Overall, her motor skills are developing really well. She's a strong kid! She can roll over without any trouble, and is trying her hardest to crawl. She just can't seem to get the timing down. She'll push with one leg, but she isn't lifting her belly up, so nothing happens. She does push with her arms, so she tends to move backwards. We have also been putting her in the walker for a little while each day (someone was kind enough to leave one here in the cottage along with A LOT of toys), and she is starting to discover that she can put some weight on her legs. Not pushing herself around yet, but I don't think it will be long. She also sits up on her own, which she could not do when we brought her home from the hospital. She just couldn't balance, but she's doing very well at it now.
And her vocal abilities have...improved, to put it mildly. She is babbling, cooing, gurgling, squeaking, and laughing all the time. However, having discovered her voice, she is also learning how to use it to get our attention when she wants something from us. She is certainly not shy about letting us know what she wants and when she wants it. I fear that this may be a pattern that will continue through her teen years.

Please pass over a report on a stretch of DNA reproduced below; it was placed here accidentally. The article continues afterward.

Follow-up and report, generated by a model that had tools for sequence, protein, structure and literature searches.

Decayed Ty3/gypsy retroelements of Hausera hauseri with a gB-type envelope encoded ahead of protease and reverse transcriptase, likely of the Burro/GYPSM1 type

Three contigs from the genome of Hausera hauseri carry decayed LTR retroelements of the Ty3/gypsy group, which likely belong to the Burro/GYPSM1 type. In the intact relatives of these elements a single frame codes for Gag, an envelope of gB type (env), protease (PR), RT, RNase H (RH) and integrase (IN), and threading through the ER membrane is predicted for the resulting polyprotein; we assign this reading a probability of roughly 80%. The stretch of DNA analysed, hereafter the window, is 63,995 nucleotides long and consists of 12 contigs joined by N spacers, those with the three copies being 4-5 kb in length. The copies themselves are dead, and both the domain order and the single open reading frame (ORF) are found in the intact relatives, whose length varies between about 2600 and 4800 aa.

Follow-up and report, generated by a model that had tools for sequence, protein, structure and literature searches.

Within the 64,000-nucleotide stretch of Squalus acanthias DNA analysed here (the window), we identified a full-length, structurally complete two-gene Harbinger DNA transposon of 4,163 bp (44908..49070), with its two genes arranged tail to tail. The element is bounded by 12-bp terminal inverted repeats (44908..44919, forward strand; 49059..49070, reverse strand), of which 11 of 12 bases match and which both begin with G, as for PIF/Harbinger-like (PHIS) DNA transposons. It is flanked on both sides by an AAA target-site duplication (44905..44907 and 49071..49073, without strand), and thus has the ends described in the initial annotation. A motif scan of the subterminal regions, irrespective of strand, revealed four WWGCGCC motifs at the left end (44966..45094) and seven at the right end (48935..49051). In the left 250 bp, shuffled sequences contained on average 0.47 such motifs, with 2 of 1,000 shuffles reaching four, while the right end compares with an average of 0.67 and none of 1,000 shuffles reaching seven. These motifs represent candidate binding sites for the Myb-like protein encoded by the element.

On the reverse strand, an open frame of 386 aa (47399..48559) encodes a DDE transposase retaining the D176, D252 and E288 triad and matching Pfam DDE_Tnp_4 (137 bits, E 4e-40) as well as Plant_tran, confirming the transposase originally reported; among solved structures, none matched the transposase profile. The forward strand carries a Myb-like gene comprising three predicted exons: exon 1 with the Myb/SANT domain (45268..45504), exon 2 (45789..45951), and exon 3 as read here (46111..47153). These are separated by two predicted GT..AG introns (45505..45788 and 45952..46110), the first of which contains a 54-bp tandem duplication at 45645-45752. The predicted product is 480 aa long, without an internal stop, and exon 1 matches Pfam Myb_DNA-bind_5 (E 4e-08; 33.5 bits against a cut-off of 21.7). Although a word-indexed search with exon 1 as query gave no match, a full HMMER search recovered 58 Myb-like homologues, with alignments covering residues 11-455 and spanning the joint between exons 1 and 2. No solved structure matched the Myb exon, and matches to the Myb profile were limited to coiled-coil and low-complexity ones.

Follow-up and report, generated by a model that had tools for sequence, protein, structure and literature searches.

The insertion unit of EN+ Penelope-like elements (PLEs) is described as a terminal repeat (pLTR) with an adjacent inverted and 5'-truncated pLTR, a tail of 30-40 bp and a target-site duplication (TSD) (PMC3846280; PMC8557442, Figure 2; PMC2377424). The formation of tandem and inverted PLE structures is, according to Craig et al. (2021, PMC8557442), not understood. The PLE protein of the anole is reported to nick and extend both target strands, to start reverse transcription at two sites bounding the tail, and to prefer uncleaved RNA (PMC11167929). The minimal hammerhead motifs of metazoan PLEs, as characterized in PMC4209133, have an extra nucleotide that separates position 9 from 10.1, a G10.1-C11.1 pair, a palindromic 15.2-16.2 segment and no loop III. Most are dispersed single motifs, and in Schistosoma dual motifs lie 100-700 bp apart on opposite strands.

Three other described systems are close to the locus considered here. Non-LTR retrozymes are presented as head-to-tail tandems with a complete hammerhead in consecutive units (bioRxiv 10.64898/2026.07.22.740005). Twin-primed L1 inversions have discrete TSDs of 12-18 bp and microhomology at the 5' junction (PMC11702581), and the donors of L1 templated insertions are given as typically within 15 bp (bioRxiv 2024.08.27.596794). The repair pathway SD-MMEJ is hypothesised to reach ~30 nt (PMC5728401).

My mom has been a tremendous help with Alia. I cannot say enough about how helpful and good natured she's been about everything. I guess 'smitten' would be the best way to describe how mom feels about Alia. It's very gratifying to see how happy she is for Angela and I, and how much she enjoys Alia. I'll post more about mom specifically in the future, but I'm very glad that she agreed to come along and help.
We'll be in Kokshetau another week, and then it's off to Almaty for medical exams and paperwork. I'll try to post more frequently over that time.
Thursday, October 16, 2008
This was a common sight during the first week or so. Our last few days, she wasn't interested in naps anymore.
Snuggling with Dad - another favorite activity
Laugh caught on camera! A miracle!
One of our family pictures for court - how could the judge say no?
He said yes! Last photo in the hospital - paka!
First (and last for a while) bath - not a happy baby!I bought this outfit when we submitted our dossier. It is perfect for our little Alia . . . except she will probably grow out if it before she gets home!